The pioneer Christmas was very humble, with handmade gifts, decorations and foods dried and preserved from harvests. There may have been fresh game gracing the tables, but winters were harsh in most areas that the pioneers settled in, so even fresh game may not have been on those early pioneer tables, however there may have been dried meats and dried fruits, berries and nuts.
The tradition of Christmas in American of course was brought with each culture that acknowledged the occasion, each of those early pioneers had their own traditions, however the meager resources in those times meant being creative and using what was available on the land.
Some may have had evergreen trees as their Christmas tree, but not all areas had access to those trees and many of the early cabins were simply too small to find a space for a tree.
Wreaths and swags using multiple natural materials were more likely than a Christmas tree. Bare branches, dried apples and other fruits were most likely used as decorations. Gifts were as humble as the meals that were prepared. There may have been yarn, reed or jute dolls, cornhusk dolls, embroidered hankies, fragrant sachets and tussie mussies for the females, and carved wooden toys for the males. But most gift items would have been practical, such as knitted socks, scarves and sweaters, and only the few items that could be tucked into the stockings.
Stockings were hung and anticipation of Saint Nicholas were a part of those traditions even with those of Christian faith. Yule logs were a part of tradition, as a symbol of good luck or better luck for the coming year.
Most families trudged off to church on Christmas morning, wearing their finest attire, and returned to open gifts and feast on the foods that were available. They then spent the remainder of the day visiting family, friends and neighbors, exchanging small gifts and homemade treats.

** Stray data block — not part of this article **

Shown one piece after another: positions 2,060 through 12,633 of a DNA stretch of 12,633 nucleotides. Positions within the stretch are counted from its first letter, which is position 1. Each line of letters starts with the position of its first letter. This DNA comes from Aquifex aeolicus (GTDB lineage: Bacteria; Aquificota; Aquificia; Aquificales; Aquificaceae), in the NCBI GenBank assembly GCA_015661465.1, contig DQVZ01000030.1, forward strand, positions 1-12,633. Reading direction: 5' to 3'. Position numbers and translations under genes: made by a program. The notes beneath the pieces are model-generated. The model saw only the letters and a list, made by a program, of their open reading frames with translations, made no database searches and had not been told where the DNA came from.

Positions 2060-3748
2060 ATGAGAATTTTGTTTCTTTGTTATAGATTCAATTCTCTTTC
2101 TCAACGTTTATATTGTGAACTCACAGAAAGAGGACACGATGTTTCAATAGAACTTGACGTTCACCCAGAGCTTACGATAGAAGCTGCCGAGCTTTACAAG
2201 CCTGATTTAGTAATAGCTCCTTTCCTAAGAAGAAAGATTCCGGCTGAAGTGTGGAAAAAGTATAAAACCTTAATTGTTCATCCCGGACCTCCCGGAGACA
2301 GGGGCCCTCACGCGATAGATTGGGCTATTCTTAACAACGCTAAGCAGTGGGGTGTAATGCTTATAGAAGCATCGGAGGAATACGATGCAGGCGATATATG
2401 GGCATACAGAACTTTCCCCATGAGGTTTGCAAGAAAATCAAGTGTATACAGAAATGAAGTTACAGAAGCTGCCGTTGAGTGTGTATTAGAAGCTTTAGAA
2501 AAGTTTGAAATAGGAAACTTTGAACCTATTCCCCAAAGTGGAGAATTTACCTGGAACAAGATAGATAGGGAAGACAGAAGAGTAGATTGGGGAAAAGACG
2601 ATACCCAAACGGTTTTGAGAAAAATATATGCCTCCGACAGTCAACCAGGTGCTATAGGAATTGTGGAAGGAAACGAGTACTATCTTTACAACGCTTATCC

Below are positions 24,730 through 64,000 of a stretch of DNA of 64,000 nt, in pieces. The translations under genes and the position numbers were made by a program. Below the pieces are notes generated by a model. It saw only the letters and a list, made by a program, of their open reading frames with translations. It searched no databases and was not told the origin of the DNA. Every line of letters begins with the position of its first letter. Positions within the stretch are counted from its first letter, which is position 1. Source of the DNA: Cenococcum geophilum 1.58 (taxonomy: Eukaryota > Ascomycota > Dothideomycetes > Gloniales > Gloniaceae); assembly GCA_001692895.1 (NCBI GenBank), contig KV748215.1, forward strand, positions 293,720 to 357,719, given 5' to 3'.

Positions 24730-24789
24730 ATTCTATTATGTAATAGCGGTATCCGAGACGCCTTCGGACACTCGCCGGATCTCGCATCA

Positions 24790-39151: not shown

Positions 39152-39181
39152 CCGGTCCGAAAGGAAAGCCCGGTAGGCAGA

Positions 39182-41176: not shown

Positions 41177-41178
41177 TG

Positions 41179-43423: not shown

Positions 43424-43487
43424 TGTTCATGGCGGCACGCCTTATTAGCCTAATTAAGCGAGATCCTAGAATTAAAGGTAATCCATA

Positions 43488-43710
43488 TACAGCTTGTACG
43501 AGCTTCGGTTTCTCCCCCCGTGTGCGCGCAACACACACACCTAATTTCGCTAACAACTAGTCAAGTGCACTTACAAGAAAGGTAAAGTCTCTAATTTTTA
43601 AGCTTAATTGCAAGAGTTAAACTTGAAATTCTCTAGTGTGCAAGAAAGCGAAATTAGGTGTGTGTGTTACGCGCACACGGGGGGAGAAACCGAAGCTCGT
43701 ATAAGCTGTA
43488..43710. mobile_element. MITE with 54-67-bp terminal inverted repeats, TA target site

Early on, the pioneers cooked on open hearths, so the foods they prepared were boiled or baked in cast iron cookware or in the hot ashes from the fire. They did not have a lot of cooking utensils, so the foods prepared would have been prepared days ahead of time to make room for the foods that needed to be fresh the day of serving. Plum puddings and apple pies were made ahead of time and allowed the flavors to blend if not slightly ferment since there was no refrigeration.
Vinegar pie, puddings, bread and biscuits, potatoes, root vegetables, corn and meat graced the tables of those early pioneers, but would have been a far cry from our current table fare. Regardless, through the generations Christmas has been a celebration and day of thanks for the many blessings upon all nations, regardless of individual faith and belief, it is recognized around the world if not fully celebrated.
EARLY AMERICAN PUMPKIN PIE in a Pumpkin Shell
Yield: 1 Small Pumpkin Pie
1 Pumpkin (about 4-5 pounds)
Spices~~Cinnamon, Cloves, Nutmeg, Mace, Allspice or Apple pie spice ( to taste)
1/2 cup Sugar, honey or molasses (to taste)
Cut up the apples, add sugar and spice or honey and spice, tossing to cover the apples. Pour into the prepared pumpkin shell. Bake in the pumpkin shell at 350 degrees until the apples are tender. Serve in the pumpkin shell with a wooden spoon for serving.
Refer to my instructions for preparing a pumpkin shell:
Refer to my instructions for making a rustic Vinegar Pie:
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